Corporations – and governments- will often try to dress up their ecocidal status quo/new batshitfuckery as if it is somehow applauded by clapping seals and smiling dolphins. Spotting that, rebutting that, is kinda essential. Failure means they win the battle for hearts and minds.
|You can spot blatant and clumsy greenwash from the usual suspects (oil companies, coal companies etc) which have been cobbled together by coke-addled PR hacks from a cut-rate PR company. You can spoof it and dismantle its dubious claims.||You can spot and successfully refute slightly more sophisticated and slick – even reasonable seeming – greenwash efforts by more cuddly companies, showing the rhetoric-reality gaps and the dangers of being fooled by things we all wish were true.||You have an encyclopedic knowledge of the different greenwash techniques used across a range of industries to a range of discrete audiences. You can dismantle expensive and clever campaigns by ‘the good guys’ which have been designed to be critique proof and emotionally compelling. You don’t get invited to many advertising award ceremonies.||Companies hold off on releasing their latest “we are saving the planet” advertising extravaganzas until they get confirmation that you have indeed been infected with COVID19 after the cough squad got to you, and that you’re on a ventilator.|
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The reason social movement organisations are often victim to greenwash efforts are that it’s generaly really good and slick, andt it goes with the techno optimistic grain. And if you combat it incorrectly, you look like, quote, loony left. malcontents who are never happy. And “gosh, isn’t it good that at least the companies are doing something.”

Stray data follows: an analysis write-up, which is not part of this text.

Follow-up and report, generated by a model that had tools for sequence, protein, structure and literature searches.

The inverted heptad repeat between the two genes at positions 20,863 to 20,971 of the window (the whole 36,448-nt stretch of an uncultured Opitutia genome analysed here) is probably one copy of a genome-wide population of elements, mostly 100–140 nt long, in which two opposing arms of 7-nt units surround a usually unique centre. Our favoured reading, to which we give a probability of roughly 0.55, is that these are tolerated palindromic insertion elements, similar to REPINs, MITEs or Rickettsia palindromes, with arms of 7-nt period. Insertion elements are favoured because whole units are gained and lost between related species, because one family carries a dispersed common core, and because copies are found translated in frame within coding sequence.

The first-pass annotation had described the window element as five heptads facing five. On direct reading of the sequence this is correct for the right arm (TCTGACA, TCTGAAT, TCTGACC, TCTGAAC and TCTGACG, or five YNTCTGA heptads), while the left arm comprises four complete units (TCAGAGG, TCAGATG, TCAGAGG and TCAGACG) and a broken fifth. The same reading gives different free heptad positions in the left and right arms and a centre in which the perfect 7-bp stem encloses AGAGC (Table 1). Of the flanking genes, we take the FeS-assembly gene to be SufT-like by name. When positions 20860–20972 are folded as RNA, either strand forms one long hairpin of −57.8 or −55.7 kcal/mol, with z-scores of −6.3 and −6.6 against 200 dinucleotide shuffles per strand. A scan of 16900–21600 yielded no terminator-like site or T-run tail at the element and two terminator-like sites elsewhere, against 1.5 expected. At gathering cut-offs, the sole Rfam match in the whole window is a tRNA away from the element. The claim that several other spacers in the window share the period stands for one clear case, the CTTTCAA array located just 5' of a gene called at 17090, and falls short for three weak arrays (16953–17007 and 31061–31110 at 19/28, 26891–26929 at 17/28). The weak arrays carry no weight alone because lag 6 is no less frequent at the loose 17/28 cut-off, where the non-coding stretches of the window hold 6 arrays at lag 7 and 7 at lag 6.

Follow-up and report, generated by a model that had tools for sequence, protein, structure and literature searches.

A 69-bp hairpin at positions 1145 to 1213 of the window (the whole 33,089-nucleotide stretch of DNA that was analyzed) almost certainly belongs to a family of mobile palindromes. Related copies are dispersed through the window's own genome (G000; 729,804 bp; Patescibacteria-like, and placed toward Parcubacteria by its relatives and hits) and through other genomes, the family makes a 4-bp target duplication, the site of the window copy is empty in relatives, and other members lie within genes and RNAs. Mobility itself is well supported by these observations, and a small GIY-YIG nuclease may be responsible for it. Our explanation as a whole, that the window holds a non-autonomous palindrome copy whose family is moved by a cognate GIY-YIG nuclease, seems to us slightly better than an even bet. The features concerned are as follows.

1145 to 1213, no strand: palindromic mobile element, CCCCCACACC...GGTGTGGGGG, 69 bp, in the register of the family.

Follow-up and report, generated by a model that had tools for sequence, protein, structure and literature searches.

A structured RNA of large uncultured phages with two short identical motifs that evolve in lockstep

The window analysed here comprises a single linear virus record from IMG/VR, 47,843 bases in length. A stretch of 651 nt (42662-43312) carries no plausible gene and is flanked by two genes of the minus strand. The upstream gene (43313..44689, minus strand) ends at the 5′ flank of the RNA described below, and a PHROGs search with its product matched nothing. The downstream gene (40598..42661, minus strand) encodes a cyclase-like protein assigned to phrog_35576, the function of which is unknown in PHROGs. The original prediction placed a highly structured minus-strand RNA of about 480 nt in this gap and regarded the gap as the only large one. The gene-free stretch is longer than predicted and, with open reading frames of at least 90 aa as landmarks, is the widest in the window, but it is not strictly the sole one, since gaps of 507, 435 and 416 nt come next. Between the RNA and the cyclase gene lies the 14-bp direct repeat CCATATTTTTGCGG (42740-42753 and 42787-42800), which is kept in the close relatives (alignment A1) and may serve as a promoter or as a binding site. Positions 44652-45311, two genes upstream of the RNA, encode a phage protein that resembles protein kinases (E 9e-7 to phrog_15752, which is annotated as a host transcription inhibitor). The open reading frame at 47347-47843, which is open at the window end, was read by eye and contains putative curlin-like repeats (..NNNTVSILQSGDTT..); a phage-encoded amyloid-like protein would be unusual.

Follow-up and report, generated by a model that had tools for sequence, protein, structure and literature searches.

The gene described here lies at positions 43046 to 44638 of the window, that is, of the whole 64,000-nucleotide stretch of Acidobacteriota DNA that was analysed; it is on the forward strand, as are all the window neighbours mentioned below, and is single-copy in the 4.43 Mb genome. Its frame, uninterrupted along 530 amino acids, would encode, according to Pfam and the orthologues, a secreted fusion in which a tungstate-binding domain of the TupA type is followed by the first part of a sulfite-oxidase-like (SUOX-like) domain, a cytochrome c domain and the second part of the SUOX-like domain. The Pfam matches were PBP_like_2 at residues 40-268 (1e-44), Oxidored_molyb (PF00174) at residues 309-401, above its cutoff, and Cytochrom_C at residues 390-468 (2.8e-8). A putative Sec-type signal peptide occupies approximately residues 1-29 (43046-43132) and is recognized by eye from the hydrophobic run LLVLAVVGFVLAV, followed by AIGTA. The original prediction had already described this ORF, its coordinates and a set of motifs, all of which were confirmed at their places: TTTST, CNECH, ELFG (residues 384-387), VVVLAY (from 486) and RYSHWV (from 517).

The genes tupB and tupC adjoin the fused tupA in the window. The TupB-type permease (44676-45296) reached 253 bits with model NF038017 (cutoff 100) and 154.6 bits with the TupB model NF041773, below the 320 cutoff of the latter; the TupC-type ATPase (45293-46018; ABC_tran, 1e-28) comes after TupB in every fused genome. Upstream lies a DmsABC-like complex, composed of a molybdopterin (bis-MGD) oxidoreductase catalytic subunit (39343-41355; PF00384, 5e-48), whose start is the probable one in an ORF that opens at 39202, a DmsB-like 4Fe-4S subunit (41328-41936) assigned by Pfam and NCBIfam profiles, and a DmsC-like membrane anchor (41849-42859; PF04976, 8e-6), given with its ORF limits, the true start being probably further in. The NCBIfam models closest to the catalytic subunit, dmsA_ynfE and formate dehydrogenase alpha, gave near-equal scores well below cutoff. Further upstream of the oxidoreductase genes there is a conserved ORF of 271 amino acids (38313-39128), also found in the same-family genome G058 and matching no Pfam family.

The consequences of unchallenged greenwash are that the sheeple stay sheeple. And they stay asleep. And that corporations are able to leverage the reputation. And the reputational gloss that they’ve got from the greenwash in battles about whether they should be regulated or taxed, and the status quo is maintained.
And I would like to remind you at this point, that the status quo is going to doom billions of human beings and countless billions of other animals and plants on this planet to a horrible end and that we will be destroying wondrous life that we are doing that. And that greenwash contributes to that by making it harder to see what is going on, what is at stake.
So what is to be done? Educate yourselves on the history of greenwash the word only goes back to the 1980s. The famous example is of the crying Indian advert in 1971.
But groups have been running PR campaigns in support of themselves and their ideology for a long time before that, albeit not necessarily green washing, which is explicitly about burnishing environmental credibility.
So there are books about the corporate propaganda campaigns of the 20th century. Alex Carey. There’s the French guy begins with B can’t remember. Mallencourt?. There’s Ariel Dorfman and Donald Duck.
There’s all sorts of resources about greenwash and corporate manipulations of public mind. You need to be able to explain these carefully. And you need to be able to connect that history with the current examples that you see in front of you. And you need if it’s a government, to be able to local government or national government to be able to talk about all the other things that they’re doing, which undercut whatever tokenistic announcement they’re making. You could also at this point, deploy the idea of HIDE “heroic infrastructure diversion and evasion.” That occurs when there is one good piece of kit is used as a synonym for bigger picture, when in actual fact, that bigger picture is a tale of defeat, lack of innovation and general stupidity.